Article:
Air Clean Up

  • Why Has Pollution Not Fallen in Some Cities?

Why Has Pollution Not Fallen in Some Cities?

Jun 02 2020 Read 417 Times

The lockdown measures imposed by governments across the world in order to slow or stop the spread of COVID-19 may well precipitate the next economic recession – but they aren’t completely without their upsides, either. The worldwide network of urban air quality monitors, alongside data collected by satellite images from space, show that air pollution has dropped off significantly since quarantine measures were first introduced.

The phenomenon was first noticed in China, especially over Wuhan City and the surrounding area, but has since spread across to Europe and other parts of the globe. However, not everyone has seen concurrent levels of air quality improvement; many parts of the USA, for example, are experiencing similar levels of pollution as before, while some cities have even witnessed an increase. Why?

A variety of variables

Encouraging falls in concentrations of nitrogen dioxide (NO2), particulate matter (PM), sulphur dioxide (SO2) and formaldehyde (CH20) have been witnessed across China, France, Spain, Germany, the UK and the Netherlands, all of whom have had some form of lockdown controls in place for at least a month. All of those substances are toxic, damaging or even carcinogenic to humans as well, spelling good news for the residents of the urban epicentres in question.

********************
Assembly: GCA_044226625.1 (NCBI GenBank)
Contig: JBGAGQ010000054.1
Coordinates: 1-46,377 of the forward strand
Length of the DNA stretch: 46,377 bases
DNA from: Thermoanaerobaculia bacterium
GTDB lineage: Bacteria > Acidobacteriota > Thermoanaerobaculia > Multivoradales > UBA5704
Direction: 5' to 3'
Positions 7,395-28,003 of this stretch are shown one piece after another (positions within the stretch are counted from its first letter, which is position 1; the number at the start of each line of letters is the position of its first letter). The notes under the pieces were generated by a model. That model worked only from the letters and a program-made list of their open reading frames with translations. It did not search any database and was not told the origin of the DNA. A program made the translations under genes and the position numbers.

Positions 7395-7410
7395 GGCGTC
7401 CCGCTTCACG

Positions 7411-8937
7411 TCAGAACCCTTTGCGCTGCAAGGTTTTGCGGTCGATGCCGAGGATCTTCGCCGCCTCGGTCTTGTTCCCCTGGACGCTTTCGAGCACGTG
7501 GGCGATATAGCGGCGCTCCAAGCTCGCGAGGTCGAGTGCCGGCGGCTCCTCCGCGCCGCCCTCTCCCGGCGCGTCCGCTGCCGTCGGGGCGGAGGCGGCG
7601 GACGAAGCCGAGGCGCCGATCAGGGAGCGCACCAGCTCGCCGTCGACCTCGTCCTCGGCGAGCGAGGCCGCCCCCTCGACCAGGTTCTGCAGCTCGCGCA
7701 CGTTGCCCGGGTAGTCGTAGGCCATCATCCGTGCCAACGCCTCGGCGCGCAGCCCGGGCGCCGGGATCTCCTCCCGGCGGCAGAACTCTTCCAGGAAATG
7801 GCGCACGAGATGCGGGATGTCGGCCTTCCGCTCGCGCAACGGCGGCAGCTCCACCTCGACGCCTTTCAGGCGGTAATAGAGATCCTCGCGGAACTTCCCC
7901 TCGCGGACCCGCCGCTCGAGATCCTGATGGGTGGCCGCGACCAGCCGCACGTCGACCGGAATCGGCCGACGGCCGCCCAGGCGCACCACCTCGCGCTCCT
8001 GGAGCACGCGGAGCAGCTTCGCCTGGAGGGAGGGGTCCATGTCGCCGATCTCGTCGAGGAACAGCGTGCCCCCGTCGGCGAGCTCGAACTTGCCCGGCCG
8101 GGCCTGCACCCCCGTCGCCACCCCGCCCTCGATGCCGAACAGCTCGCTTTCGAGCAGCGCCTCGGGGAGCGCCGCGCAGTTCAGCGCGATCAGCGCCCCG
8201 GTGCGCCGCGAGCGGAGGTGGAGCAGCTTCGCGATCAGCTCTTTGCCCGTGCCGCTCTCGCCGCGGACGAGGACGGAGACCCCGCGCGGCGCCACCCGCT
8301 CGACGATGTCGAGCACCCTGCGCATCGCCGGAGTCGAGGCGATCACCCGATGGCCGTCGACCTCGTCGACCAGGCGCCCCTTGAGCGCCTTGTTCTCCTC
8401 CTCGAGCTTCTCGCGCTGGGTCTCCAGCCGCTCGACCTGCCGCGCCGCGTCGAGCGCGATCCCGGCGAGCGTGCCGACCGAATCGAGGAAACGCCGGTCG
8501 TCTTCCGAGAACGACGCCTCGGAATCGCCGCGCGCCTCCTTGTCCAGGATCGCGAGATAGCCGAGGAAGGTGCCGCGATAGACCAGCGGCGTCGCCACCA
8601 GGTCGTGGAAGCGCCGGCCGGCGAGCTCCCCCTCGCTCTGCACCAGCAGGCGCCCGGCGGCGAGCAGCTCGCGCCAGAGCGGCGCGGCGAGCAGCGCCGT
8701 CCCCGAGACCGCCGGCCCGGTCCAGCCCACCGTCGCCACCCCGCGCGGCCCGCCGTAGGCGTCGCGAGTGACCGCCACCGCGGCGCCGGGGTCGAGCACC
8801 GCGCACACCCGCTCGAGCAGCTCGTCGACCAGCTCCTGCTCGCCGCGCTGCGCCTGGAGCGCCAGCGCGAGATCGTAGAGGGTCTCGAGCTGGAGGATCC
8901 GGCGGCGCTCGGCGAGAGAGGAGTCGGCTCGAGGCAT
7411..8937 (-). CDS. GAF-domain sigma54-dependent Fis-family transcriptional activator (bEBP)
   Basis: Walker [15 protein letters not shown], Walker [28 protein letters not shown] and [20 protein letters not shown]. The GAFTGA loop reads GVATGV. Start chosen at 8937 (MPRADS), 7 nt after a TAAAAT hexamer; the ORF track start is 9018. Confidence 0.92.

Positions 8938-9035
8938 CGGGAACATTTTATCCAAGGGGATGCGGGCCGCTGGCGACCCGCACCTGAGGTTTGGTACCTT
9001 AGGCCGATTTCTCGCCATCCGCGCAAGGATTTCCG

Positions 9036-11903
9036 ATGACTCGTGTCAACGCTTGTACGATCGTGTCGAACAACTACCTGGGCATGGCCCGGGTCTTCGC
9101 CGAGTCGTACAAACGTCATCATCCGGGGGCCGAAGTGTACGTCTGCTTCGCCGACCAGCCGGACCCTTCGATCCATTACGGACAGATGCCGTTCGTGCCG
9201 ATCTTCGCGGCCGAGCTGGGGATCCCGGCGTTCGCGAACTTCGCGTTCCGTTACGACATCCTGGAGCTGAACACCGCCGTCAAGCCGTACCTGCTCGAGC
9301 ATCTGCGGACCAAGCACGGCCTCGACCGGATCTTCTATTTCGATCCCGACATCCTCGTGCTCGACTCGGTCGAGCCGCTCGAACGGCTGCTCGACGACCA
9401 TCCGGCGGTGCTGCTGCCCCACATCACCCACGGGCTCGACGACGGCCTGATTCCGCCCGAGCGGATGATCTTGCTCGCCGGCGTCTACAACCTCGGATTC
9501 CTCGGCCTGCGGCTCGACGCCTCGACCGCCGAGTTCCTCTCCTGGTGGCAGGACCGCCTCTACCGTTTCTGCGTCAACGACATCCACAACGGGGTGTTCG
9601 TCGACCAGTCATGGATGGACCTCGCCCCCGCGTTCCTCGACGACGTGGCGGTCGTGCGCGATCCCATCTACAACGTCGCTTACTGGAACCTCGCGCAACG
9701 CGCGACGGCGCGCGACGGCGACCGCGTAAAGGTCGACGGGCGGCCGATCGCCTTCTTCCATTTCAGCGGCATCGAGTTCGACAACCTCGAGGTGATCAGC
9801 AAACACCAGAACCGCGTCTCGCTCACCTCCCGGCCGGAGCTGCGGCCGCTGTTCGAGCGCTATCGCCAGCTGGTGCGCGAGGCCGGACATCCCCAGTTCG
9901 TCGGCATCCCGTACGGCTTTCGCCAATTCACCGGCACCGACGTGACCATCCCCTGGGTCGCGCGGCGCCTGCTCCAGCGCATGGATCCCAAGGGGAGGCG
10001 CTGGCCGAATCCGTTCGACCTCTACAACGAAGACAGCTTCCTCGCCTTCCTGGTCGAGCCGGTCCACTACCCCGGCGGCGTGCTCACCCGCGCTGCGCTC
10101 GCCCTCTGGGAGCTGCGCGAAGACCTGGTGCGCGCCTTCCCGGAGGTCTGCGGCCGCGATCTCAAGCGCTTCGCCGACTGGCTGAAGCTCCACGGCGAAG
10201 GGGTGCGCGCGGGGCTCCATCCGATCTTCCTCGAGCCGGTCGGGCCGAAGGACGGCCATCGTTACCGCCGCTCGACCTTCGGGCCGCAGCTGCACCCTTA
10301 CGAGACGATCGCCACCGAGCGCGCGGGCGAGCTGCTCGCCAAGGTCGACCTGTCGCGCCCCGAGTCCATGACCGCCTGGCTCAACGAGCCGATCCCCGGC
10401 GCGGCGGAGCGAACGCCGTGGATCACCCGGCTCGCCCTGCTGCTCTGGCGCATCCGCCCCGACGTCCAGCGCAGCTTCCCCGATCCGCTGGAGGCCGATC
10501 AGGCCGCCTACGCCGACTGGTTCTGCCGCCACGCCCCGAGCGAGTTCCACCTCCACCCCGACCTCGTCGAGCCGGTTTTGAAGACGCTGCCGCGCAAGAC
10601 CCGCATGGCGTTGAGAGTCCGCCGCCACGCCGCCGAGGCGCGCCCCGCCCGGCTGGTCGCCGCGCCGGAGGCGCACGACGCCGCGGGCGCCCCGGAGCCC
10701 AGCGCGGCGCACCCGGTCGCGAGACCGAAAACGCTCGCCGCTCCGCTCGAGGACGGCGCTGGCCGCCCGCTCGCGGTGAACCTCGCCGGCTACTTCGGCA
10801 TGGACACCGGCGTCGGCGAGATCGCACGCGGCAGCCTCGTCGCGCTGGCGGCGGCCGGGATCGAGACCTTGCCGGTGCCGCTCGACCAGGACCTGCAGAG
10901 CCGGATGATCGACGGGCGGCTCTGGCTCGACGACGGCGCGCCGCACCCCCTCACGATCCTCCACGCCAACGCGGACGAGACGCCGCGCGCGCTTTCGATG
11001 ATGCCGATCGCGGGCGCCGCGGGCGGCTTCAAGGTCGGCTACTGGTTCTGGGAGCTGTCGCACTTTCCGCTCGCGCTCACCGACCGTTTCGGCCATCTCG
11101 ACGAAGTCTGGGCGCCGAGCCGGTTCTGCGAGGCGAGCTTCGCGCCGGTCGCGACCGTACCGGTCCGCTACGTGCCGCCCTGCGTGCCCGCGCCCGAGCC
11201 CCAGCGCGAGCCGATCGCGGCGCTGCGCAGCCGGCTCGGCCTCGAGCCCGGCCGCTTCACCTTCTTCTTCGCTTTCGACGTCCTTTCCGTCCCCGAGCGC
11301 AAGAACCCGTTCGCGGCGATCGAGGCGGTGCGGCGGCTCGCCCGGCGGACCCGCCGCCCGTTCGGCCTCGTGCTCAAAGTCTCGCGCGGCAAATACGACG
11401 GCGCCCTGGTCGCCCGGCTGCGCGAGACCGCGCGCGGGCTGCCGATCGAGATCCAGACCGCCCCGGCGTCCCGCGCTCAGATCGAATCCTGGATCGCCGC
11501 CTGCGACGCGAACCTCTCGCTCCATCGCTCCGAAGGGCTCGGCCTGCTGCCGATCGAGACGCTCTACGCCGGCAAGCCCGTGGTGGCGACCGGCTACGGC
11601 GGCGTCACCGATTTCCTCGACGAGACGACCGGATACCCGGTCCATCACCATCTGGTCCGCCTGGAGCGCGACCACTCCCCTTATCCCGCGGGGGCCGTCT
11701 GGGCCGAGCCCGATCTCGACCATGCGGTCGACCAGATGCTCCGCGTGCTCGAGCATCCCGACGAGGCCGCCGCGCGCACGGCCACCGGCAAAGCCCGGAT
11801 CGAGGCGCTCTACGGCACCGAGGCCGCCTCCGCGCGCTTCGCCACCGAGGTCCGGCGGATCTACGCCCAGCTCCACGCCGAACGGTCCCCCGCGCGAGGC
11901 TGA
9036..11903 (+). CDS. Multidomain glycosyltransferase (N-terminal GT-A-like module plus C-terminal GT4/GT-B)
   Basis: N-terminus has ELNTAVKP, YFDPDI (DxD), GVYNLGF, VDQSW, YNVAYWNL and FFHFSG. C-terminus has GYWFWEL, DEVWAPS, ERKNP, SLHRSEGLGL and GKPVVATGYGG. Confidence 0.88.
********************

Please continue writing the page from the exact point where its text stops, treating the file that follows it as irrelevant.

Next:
However, a comprehensive analysis of the data provided by satellites is yet to be conducted, while there is room for doubt that the slump in pollution has been wholly caused by coronavirus-related activities (or lack thereof). For example, NO2 is wont to fall by around 50% in the northern hemisphere between January and May due to the angle at which the sun’s rays come into contact with the Earth. Nonetheless, the fact that current concentrations of the pollutants are markedly better than this time last year is a positive sign.

The US underperforming

By contrast, the USA has not witnessed anything like the same improvement in its air quality performance compared to its Asian and European counterparts. According to the European Space Agency’s TROPOMI instrument, Los Angeles is the only American city that has seen a significant drop-off in its pollution and that anomaly could be explained away by the fact that the coastal city has enjoyed an unusually high amount of rainfall in recent weeks.

Elsewhere, New York has shown a slight improvement in its concentrations of PM, but some parts of the country have even deteriorated in terms of air quality. Unsustainable farming practices in Mexico, such as stubble burning to make way for the next season’s crops, have led to higher concentrations of pollution in much of the central USA. What’s worse, many spectators are fearing that President Trump’s outspoken mistrust of environmental issues and support for damaging industries (such as coal-fired power stations, despite their well-publicised complications) may mean that any short-term benefits are immediately rolled back when the economy is reopened in any case.

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